1. I read that bit in context and it still sounds like she suppords Arizona’s right to do exactly what they did.

        I also think that it dismisses the vast sums of money Bush spent beefing up border security (theater).

      2. She’s the example of a front-running candidate who is highlighting the frustration thereby legitimizing it and proclaiming that if she is elected, she’ll protect AZ and other state’s “rights” to do things like this.  

      3. but the quote certainly looks like Norton endorses state sovereignty regarding civil rights and might support the nullification of Brown versus the Topeka Board of Education Supreme Court ruling.  Wouldn’t it be fun if one of these supporters of this law was asked if they supported legal immigrants wearing an arm band to distinguish them from illegals.  The reasoning would be if they wore an arm band with something like the Star of David on it then the police would know who not to profile.  Folks like Norton would probably miss the reference but it would be fun to hear their answer.

      4. and try to get some decent federal immigration legislation passed?  I think it’s much more likely she’d be assimilated without putting up much of a fuss.

  3. McInnis coming out in favor of the AZ law may very be a counter to Maes in a tougher than expected primary fight. It’s gonna be hard to retract.

    But he will when the business part of the Republican base (esp. the homebuilding industry) is faced with losing their cheap illegal labor and he does a 180 like Owens did in 2006.

    See my diary “Who’s land is this anyway?” posted today.

    It’s going to be a pleasure watching McInnis twist slowly in the wind…….

  4. Immigration is actually a wedge issue for Republicans.  Establishment Republicans want cheap labor.  The Southern/Christian wing of the Republican party hates brown people.

    Democrats are relatively united around immigration, because the potential conflict between unions and non-immigrant minorities and those who identify with immigrant populations in the Democratic party hasn’t really emerged.  Unions have largely taken a pro-immigrant stance, fearing undocumented status per se that creates a black market for labor that ignores labor laws and lowers the bar for everyone else, more than immigration itself.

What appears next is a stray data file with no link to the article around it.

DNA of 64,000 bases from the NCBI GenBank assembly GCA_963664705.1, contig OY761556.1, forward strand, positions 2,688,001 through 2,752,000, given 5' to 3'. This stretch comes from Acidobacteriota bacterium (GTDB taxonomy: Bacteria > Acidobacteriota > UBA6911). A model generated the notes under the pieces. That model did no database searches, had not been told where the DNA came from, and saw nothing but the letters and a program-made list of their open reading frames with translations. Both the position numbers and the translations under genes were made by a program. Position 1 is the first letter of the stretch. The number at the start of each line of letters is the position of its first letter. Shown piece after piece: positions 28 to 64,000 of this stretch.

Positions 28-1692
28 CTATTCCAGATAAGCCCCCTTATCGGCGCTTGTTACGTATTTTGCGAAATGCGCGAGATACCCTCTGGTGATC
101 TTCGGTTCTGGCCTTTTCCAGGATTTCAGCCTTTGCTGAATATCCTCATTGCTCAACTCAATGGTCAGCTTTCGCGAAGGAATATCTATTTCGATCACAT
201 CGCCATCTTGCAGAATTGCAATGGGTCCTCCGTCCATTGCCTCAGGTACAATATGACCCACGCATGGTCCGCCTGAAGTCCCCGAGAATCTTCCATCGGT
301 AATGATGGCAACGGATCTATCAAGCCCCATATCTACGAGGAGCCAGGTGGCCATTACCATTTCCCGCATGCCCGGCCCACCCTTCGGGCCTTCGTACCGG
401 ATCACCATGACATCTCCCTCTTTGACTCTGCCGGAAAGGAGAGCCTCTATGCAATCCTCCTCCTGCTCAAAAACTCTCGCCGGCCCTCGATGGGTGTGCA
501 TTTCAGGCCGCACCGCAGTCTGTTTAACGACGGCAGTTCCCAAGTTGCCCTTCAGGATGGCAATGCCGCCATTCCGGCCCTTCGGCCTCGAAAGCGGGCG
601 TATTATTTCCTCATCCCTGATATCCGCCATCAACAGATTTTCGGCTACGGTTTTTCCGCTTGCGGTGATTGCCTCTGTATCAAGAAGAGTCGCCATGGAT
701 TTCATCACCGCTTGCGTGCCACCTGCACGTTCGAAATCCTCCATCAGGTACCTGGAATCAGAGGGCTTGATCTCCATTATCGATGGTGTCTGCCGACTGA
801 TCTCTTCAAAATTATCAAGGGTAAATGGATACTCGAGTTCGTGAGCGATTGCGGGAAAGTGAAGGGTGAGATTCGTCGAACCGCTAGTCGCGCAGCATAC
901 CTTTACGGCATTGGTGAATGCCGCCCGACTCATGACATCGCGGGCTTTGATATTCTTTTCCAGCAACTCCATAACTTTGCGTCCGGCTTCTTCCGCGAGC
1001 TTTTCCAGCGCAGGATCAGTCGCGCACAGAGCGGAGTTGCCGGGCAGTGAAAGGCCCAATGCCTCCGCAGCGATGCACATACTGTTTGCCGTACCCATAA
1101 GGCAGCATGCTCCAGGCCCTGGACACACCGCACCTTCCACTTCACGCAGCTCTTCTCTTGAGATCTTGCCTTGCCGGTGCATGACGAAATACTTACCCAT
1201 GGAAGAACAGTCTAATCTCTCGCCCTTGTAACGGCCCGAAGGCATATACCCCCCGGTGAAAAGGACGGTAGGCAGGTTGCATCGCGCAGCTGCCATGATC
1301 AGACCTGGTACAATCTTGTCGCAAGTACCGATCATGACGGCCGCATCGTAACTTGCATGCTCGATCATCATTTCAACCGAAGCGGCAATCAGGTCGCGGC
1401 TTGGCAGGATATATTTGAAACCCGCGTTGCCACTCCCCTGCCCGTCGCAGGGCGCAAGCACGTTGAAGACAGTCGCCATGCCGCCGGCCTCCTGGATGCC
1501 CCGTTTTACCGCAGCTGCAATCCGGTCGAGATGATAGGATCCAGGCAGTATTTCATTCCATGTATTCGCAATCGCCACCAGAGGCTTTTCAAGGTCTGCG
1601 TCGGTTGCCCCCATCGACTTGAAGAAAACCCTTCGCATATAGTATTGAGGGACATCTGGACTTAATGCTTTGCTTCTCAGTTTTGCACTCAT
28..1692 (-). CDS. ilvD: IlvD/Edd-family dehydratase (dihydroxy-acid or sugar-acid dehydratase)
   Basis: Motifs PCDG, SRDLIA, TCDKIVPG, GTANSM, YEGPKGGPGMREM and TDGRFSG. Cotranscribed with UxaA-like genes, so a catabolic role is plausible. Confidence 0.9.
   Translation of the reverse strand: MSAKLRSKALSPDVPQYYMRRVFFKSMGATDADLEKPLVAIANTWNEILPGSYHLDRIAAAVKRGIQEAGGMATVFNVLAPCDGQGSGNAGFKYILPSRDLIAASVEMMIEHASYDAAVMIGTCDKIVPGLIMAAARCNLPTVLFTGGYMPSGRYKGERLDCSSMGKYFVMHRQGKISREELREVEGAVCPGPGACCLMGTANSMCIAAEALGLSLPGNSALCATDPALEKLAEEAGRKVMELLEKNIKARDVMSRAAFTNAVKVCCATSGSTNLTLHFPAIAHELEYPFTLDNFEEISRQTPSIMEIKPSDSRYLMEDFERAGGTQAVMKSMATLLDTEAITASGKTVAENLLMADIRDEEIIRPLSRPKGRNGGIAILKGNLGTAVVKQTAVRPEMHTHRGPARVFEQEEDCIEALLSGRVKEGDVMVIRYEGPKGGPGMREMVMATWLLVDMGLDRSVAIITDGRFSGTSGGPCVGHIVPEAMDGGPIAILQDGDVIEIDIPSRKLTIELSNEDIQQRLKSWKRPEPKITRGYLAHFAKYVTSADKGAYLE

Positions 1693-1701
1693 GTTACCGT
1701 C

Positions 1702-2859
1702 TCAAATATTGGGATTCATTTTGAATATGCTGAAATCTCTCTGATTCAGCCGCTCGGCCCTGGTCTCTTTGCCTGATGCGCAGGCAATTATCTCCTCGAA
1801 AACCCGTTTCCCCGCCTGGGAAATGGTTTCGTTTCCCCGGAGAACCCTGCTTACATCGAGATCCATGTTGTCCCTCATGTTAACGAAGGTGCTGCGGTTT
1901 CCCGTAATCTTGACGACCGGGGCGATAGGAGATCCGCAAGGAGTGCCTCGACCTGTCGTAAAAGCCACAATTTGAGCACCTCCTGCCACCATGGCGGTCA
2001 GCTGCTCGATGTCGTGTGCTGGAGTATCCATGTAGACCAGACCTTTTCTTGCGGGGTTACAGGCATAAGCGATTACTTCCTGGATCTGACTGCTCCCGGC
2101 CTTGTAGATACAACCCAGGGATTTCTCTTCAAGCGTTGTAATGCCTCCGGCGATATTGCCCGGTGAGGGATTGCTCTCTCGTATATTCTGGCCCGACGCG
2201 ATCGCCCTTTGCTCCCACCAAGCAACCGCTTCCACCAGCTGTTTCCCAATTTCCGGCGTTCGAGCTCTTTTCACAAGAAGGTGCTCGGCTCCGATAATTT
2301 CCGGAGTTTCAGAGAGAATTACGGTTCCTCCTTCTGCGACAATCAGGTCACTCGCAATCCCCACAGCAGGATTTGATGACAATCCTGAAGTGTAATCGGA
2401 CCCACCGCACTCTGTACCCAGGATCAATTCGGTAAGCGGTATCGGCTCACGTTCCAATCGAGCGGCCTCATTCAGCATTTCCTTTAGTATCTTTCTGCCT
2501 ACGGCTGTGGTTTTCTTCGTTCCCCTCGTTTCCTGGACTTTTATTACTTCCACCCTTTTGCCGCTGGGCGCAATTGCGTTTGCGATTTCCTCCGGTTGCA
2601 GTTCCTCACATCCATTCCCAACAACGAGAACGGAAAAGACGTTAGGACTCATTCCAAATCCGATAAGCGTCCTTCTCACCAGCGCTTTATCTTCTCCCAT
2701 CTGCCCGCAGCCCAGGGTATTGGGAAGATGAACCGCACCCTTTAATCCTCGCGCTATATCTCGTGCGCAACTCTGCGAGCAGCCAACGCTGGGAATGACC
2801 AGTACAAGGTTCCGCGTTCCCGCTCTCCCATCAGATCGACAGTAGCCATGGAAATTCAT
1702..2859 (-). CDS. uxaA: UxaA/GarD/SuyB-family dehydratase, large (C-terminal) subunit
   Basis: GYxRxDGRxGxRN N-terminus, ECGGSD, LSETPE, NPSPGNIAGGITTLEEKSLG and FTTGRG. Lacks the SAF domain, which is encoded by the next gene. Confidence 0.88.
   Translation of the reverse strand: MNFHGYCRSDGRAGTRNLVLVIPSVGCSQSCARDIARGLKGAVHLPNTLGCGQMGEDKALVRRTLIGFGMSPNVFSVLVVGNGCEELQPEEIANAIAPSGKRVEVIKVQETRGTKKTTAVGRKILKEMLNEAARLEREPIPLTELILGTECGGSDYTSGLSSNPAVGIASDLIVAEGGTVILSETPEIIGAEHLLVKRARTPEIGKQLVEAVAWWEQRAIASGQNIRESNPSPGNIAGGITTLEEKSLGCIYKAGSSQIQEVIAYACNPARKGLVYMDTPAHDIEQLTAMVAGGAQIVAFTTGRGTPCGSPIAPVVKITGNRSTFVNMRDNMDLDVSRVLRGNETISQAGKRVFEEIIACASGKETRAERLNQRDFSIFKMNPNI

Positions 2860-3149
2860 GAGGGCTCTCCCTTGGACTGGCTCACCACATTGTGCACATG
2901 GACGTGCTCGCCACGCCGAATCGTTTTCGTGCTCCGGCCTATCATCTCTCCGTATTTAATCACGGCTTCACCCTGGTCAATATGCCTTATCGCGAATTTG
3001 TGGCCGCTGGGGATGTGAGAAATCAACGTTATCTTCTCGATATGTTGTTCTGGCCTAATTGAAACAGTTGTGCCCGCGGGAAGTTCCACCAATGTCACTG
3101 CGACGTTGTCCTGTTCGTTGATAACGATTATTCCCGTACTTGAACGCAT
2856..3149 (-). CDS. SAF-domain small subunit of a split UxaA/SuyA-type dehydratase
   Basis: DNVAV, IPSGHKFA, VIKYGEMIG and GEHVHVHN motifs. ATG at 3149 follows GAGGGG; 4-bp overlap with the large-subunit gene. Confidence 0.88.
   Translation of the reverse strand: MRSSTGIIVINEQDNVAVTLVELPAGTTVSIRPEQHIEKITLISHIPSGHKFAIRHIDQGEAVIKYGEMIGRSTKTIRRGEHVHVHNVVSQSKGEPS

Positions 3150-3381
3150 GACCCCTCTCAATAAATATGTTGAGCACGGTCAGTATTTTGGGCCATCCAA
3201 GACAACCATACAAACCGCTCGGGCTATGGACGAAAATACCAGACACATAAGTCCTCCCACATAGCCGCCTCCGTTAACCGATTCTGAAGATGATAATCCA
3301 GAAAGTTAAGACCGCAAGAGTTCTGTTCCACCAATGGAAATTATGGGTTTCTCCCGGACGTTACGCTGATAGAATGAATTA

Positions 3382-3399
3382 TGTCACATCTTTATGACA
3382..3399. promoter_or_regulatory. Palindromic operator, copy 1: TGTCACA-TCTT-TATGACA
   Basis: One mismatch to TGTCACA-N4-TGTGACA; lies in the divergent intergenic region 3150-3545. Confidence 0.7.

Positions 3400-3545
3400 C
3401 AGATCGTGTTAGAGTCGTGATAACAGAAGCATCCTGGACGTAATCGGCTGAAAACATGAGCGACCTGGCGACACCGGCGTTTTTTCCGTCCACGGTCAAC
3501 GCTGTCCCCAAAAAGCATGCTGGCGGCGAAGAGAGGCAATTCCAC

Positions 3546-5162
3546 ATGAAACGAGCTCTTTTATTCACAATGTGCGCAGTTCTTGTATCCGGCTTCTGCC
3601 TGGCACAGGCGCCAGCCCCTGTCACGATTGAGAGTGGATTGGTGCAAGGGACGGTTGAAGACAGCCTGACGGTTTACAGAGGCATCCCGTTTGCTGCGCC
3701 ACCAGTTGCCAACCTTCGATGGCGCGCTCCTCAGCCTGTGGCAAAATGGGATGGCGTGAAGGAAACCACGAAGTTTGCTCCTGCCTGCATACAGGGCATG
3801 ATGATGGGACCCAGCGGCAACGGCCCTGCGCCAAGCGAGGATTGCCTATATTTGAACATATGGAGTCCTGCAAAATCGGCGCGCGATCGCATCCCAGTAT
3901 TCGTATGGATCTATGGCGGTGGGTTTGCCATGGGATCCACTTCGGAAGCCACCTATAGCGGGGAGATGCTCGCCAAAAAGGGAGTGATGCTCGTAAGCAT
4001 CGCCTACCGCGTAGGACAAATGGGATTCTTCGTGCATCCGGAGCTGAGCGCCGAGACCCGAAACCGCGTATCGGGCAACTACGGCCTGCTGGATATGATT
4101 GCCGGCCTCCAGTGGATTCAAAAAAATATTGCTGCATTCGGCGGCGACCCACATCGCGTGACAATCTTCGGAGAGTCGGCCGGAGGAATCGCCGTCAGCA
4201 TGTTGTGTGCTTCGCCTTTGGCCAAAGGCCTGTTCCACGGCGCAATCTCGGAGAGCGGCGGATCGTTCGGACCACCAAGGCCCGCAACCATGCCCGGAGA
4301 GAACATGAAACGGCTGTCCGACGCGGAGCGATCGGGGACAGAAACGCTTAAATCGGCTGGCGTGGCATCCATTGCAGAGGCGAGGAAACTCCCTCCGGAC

Scott McInnis can’t hope to win over the Democratic party base (e.g. Hispanics in Colorado) and he need not fear losing big business support, although it may be helpful for him to get pre-primary support from the Southern/Christian wing of the Republican party that is probably the stronger faction in the intra-Republican caucus/electoral process right now.

    The real general election target of his rhetoric on immigration is the xenophobic unaffiliated voter, and anti-immigration positions turn out to be popular and a key issue for a lot of those unaffiliated voters who will end up voting.  A dirty ugly campaign generally may also tend to keep unaffiliated voters who don’t care about immigration away from the polls.

  5. Immigration is a big issue to people all over the country. American’s are getting pushed out of jobs and wasting tax money on illegals.

    Something needs to be done, and at least McInnis and the state of Arizona have the back bone to say something.  The democrats sit around while this country becomes a sanctuary for anyone in Mexico who wants to cross the border. It is ILLEGAL.  

    1. It’s a very small issue to most everyone else. And to a lot of the people it is a large issue to, there is an element of racism to it.

      Keep in mind that Saint Ronald Reagan proposed and pushed through comprehensive immigration reform including amnesty. That’s not the approach the tea partiers are looking for.

    2. Then address the reasons people cross the border without papers:

      1) the Mexican economy is rigged toward the wealthy in ways today’s businessmen could only dream.

      2) employers here in the U.S. want cheap labor that they can bully without fear of retribution, and many of them don’t care if the person they hire is illegally in the country.

      3) faking ID is relatively easy because our ID system is antiquated.

      4) Drugs are illegal and profitable, and grow well in warm climates like those south of the border; legalize some of them and you cut the legs out from under the criminal gangs running drugs.

      Building a 10′ fence is just asking for someone to build an 11′ ladder, and arresting U.S. citizens for not having “proper paperwork” because some policeman had a “reasonable suspicion” that they were here illegally is about as Unconstitutional and Unamerican as any idea I’ve had the misfortune of seeing in the past decade.  “Papers, please?”